Best Friends Experience Onsen Healing
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The Japanese culture has long cherished onsen for its health benefits, but many who come from countries where hot spring bathing isn’t common practice wonder, “why?”. So if you have ever wanted to know “Is onsen good for your skin?” or “Can onsen help you lose weight?” this is the article for you. First, we will take a look at hot spring healing and then explain why is onsen good for you.
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When medicine was yet to be properly developed, the Japanese relied on bathing in onsen and drinking their waters to treat their illnesses. This practice of using hot springs to heal the body is called “toji.”
However, to experience toji is not just to simply enter hot springs. In fact, toji guests are to rest an extended period of time at an inn, soaking in onsen everyday and preparing their own food. At first, only prominent members of society could afford to make these onsen excursions as travel was very limited in Japan and required government permission. The during the Edo Period, even commoners could receive permission to travel if their purpose was for toji. And thus, places of onsen healing called “toji-ba” began to form.
Toji and toji-ba remained popular throughout the Meiji and Showa periods and into the post-World War II era. Since then, medical care evolved with Japan adopting Western-style medicine, and traditional Japanese tastes fell out of style. Thus, the need for onsen healing began to dwindle, leaving few toji-ba alive today. Even though Japanese people are well aware of onsen’s health benefits, there are many who are unaware of the healing practice of toji and fewer still visit toji-ba.
Among the most famous of these rare toji-ba is Beppu’s Kannawa district, which still hosts toji guests to this day. Here, a group of young women tries to keep this beautiful tradition alive. They call themselves the “Toji Joshi” (translated literally to “onsen healing girls”).
The origins of this group was but a seed in the mind of chairwoman Shizuka Kanno when she fell in love with onsen. During her time as a businesswoman, she would often visit to cure the fatigue of life and work. One day while searching for her next hot spring to visit, she came across the word “toji” and began to research. Upon learning about this old custom, she thought, “This is what I’ve been doing this whole time! I want to share this with everyone!”
According to Kanno there are only about 10 toji-ba left in Japan, but none of them felt as alive and eager to carry on their traditions as much as the people of Kannawa. Kanno wanted to help the people of Kannawa promote Toji, so she decided to create her own sharehouse with the purpose of promoting toji to Japan and the world. After finding her home base, named Toji House, she began to look for like-minded women. In February, 2020, Toji House officially opened.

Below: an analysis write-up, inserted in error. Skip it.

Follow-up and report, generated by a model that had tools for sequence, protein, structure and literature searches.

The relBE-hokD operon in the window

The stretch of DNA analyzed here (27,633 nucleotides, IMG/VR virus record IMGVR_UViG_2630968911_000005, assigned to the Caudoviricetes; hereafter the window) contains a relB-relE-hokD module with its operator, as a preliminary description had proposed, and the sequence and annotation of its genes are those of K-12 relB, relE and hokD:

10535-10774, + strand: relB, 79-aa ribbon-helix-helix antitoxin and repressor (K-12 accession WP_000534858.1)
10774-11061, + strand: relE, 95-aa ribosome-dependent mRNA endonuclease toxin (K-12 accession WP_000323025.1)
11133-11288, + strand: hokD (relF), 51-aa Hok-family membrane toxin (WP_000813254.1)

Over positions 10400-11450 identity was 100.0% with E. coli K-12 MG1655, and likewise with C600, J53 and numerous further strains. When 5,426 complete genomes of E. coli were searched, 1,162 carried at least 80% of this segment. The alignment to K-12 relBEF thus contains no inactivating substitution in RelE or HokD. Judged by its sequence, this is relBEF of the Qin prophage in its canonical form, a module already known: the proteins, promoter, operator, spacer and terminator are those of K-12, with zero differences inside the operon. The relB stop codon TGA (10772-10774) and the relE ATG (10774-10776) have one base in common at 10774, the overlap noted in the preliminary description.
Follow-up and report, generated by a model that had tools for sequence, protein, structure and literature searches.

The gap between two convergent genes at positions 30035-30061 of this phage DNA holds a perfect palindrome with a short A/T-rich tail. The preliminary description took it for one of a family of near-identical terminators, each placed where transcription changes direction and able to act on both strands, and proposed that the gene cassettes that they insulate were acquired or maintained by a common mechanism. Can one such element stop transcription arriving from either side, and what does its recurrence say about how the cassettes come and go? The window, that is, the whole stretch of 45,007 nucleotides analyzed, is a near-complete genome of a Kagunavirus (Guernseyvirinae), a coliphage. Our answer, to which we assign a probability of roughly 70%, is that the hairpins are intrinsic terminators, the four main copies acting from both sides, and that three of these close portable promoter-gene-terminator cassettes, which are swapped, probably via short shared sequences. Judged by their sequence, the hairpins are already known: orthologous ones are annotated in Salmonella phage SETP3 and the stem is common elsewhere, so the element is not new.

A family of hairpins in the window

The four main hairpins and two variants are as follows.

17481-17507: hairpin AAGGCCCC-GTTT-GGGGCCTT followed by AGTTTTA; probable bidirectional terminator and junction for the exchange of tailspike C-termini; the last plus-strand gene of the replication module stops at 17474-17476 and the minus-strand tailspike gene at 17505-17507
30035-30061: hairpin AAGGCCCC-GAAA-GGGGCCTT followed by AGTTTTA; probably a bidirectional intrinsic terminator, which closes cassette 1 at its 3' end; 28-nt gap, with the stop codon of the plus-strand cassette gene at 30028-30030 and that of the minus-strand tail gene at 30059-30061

When asked “Why women? Why Toji ‘Joshi’?” (the word “joshi” translating to “girls” or “women”) Kanno answered, “I felt I wanted to support young women. During the first half of life, women rush through many major life events and it gets hard. Through toji, I want to tell them there are many ways to live.”
The Toji Joshi of course practice entering onsen everyday, but also consider cooking, exercise, and taking part of the community parts of the toji process. They say, “We define toji as a quiet time to reconsider our body and mind.”
- Get to know and understand hot springs correctly
- Love hot springs and treat them as a limited resource
- Soak in onsen remembering our motto: “Toji is a quiet time to reconsider our body and mind”
- Instead of focusing on washing the body, prioritize cleansing the mind, soak in the hot spring, relax your body and soul, and restore your true self
- When you return to your true self, make an effort and challenge yourself to strive forward in your own world with your own uniqueness
- If you get tired, soak in the hot spring again
- Respect and value the diverse lifestyles of people around hot springs
- Communicate the goodness of hot spring culture to Japan and the world
- Toji Joshi will make Beppu City Kannawa Onsen their sacred place
- Focusing on Kannawa Onsen, we will hold various projects and events in Japan and around the world, so feel free to join us♡
What are the benefits of soaking in hot springs? If you are worried about the spread of coronavirus and are wondering “Is onsen hygienic?” you may read about onsen and the spread of viruses here. As long as you abide by social distancing rules and maintain the three C’s, you can enjoy the health benefits of hot springs. These benefits are multifaceted and you may be surprised how far reaching the effects are.
Some of the health benefits provided by onsen have to do with the onsen temperature in Japan. Onsen between 40 to 42°C promote healthy blood circulation and boosts the immune system. One Toji Joshi member said her average body temperature rose 1 degree and she feels more energized since adopting the Toji Joshi lifestyle.